Tim says: “In the Somme area the fragility of life in the trenches was brought home as the entry on 1st October read ‘Harry Morres killed.’ Whether friends or not, two soldiers’ deaths are noted in the diary. Times were hard for the battalion, reinforced by them having to ‘Bivoac [sic] (raining)’.”

He continues: “The first mention of ‘Fatigue’ on 8th October suggests that the war was starting to take its toll on his health… There was little rest from the constant demands of trench warfare, and on 10th October Charles noted the problem of fatigue once more. Events took a turn for the worse on 11th when ‘Hospital Fatigue’ was mentioned, suggesting a short stay to aid his recovery from the debilitating effects of more than a year in the army.”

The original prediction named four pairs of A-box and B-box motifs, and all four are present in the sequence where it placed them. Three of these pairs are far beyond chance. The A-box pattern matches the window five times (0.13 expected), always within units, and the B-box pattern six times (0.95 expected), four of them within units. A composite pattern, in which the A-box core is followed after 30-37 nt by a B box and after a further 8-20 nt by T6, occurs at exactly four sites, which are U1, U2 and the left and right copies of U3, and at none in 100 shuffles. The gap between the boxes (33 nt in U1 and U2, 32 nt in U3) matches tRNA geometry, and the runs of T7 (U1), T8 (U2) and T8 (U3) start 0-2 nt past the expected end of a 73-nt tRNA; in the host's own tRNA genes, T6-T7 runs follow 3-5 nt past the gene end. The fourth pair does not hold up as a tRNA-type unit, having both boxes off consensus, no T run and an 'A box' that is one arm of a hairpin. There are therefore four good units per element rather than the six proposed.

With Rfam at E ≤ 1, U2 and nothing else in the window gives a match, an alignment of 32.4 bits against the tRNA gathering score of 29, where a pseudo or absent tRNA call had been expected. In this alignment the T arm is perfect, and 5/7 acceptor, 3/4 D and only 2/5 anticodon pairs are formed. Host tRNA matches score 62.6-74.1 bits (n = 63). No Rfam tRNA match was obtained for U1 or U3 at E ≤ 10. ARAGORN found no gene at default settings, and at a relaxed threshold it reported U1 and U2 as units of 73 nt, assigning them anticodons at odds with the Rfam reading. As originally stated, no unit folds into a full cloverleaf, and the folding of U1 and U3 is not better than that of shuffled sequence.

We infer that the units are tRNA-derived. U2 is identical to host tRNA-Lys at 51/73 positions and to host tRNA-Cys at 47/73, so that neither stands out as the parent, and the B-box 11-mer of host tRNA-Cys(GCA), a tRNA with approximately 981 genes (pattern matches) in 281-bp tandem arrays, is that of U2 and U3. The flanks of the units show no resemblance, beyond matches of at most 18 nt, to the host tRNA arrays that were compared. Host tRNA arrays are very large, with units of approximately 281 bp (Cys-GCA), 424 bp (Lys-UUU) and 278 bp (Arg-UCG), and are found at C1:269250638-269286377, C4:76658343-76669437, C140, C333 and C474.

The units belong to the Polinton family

Rest and relaxation was hardly possible, though. On the 12th, the battalion went over the top with soldiers from the Norfolk Regiment, “although it is unclear whether he was personally involved with this offensive.

“The ‘Suffolks [Regiment] get trench but driven out by counter attack, heavy losses.’ The conflict during 1915 was infamous as a war of attrition, with neither the Allies nor Germans making much progress.”

On October 17 the battalion arrived at Béthune before marching to Vermelles. “On the 19th Charles ‘Carried bombs to trenches, arrived back Vermelles 4.30, slept in open (felt cold).’

“This is the perfect illustration of the hardship of the war and how the autumn weather was starting to bite. He also ‘Lost gas helmet,’ a potentially life threatening state of affairs given the previous use of gas by the Germans in April.”

That week, Charles notes that the battalion “Loses 260 men” and a German ‘Trench taken and lost.’”

The month is grim. Tim says: “On 24th October in St Quentin he was nearly ‘Washed out by rain,’ and noted ‘Plenty of mud’ as he started out for the trenches on 26th October.

“He ‘Slept German dugout’ near Arras on the evening of the 26th, before mentioning the ‘Trenches in awful state, Casualties 7 killed’ on 31st October.